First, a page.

Most of the funds allocated to local governments have been channelled through programmes designed by the central government and managed through competitive calls for proposals published both by ministries and autonomous communities.

View of Barcelona ©Mohammad-Ali-Niksejel

In the case of Barcelona, its city council has devised a plan involving a range of stakeholders aimed at unlocking the full potential of the recovery funds in the city, and addressing local green, digital, and social transformations.

But while the Barcelona plan was adopted much earlier than the Spanish recovery strategy, Barcelona City Council was not formally engaged with the design of the reforms and investments in the national plan. The council has also experienced bureaucratic issues around funding regulations, including new measures taken to prevent fraud and procedures to make public procurement more flexible.

Despite these difficulties, the overall funding future for Barcelona and other cities in Spain looks positive.

“Approaching the mid-term implementation of the Spanish recovery strategy, the available funds are meant to reduce progressively. However, an addendum recently approved by the European Commission proposes to increase non-refundable funds for Spain by more than €10 billion,” says author of the Spanish case study Agustí Fernández de Losada, Senior Research Fellow and Director, for the Global Cities Programme at CIDOB.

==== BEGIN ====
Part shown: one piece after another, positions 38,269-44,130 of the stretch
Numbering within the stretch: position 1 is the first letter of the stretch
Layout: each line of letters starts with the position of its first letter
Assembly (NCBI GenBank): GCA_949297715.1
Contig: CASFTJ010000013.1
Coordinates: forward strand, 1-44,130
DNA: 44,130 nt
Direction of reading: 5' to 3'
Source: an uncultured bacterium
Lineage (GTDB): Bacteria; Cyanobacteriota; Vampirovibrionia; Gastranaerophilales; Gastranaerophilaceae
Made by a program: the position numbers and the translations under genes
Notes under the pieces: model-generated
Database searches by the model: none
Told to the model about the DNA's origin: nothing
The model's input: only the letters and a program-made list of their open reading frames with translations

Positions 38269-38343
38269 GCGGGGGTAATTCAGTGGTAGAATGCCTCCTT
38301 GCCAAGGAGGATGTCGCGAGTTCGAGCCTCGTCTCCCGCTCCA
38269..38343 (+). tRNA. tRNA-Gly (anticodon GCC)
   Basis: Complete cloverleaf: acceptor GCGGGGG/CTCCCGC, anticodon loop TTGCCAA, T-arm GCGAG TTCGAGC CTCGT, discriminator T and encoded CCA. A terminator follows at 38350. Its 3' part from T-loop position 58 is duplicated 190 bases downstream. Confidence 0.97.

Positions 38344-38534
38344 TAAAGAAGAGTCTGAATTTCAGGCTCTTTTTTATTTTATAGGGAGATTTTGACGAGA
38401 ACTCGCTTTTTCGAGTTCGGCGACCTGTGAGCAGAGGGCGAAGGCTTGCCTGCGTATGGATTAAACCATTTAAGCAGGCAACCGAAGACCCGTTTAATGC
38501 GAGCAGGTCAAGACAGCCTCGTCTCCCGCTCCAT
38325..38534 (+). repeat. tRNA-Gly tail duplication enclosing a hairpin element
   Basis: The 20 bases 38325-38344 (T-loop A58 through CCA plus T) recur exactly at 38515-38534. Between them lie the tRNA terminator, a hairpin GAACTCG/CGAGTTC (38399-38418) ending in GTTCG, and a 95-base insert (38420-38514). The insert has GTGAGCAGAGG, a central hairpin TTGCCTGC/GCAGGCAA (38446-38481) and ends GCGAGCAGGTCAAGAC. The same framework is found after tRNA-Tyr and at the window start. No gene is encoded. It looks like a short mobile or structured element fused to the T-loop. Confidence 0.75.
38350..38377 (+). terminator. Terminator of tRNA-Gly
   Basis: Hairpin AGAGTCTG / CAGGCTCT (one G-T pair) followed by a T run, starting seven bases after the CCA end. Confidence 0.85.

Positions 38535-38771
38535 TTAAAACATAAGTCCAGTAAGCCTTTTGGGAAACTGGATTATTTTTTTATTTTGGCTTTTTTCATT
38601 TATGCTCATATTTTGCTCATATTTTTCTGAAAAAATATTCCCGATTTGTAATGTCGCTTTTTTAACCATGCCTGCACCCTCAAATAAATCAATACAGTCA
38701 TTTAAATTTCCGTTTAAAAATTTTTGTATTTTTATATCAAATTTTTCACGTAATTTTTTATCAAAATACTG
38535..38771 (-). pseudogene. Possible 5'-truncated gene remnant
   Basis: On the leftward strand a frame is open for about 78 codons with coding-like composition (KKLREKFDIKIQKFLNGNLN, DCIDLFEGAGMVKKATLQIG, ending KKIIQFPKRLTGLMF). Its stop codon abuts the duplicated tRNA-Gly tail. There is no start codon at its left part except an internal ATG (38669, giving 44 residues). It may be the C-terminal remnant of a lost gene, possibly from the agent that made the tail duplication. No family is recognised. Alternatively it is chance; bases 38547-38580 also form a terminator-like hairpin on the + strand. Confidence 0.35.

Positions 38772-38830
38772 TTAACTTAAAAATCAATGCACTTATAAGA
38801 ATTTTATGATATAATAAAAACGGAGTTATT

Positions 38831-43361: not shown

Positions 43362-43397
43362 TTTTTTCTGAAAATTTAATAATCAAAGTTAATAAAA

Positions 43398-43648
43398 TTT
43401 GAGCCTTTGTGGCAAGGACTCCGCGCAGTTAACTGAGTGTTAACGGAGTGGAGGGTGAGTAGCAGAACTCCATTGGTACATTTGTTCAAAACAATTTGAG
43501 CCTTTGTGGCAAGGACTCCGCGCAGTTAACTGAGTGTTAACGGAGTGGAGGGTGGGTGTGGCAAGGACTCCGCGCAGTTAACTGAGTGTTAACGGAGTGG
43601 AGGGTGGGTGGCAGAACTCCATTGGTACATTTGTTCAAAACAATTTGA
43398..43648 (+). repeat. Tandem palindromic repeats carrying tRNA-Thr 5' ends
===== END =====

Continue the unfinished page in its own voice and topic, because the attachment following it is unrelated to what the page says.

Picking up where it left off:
“This, together with the funds still to be disbursed, provides a favourable scenario for cities to continue monitoring and participating in the calls and other funding schemes that will be opened in the coming months.”


Download a copy of the report ‘Urban Recovery Watch: Empowering Cities in the EU Green and Digital Transition’.

This report is the latest step in a multi-year project being carried out by Eurocities, CIDOB and Barcelona City Council. The project seeks to promote the localisation of Next Generation EU, distilling key learnings that can amplify the role of cities in the EU recovery process and twin transitions, and, more broadly, bring the urban perspective into the debate on the future of EU funding instruments.

The Urban Recovery Watch report builds on the project’s first report, published by CIDOB in 2022Cities in the EU Recovery Process: Localising the Next Generation EU – which mapped the degree of participation of local governments in the design of several National Recovery and Resilience Plans across Europe. Building on this pioneering report, the Urban Recovery Watch report offers a second, more comprehensive analysis.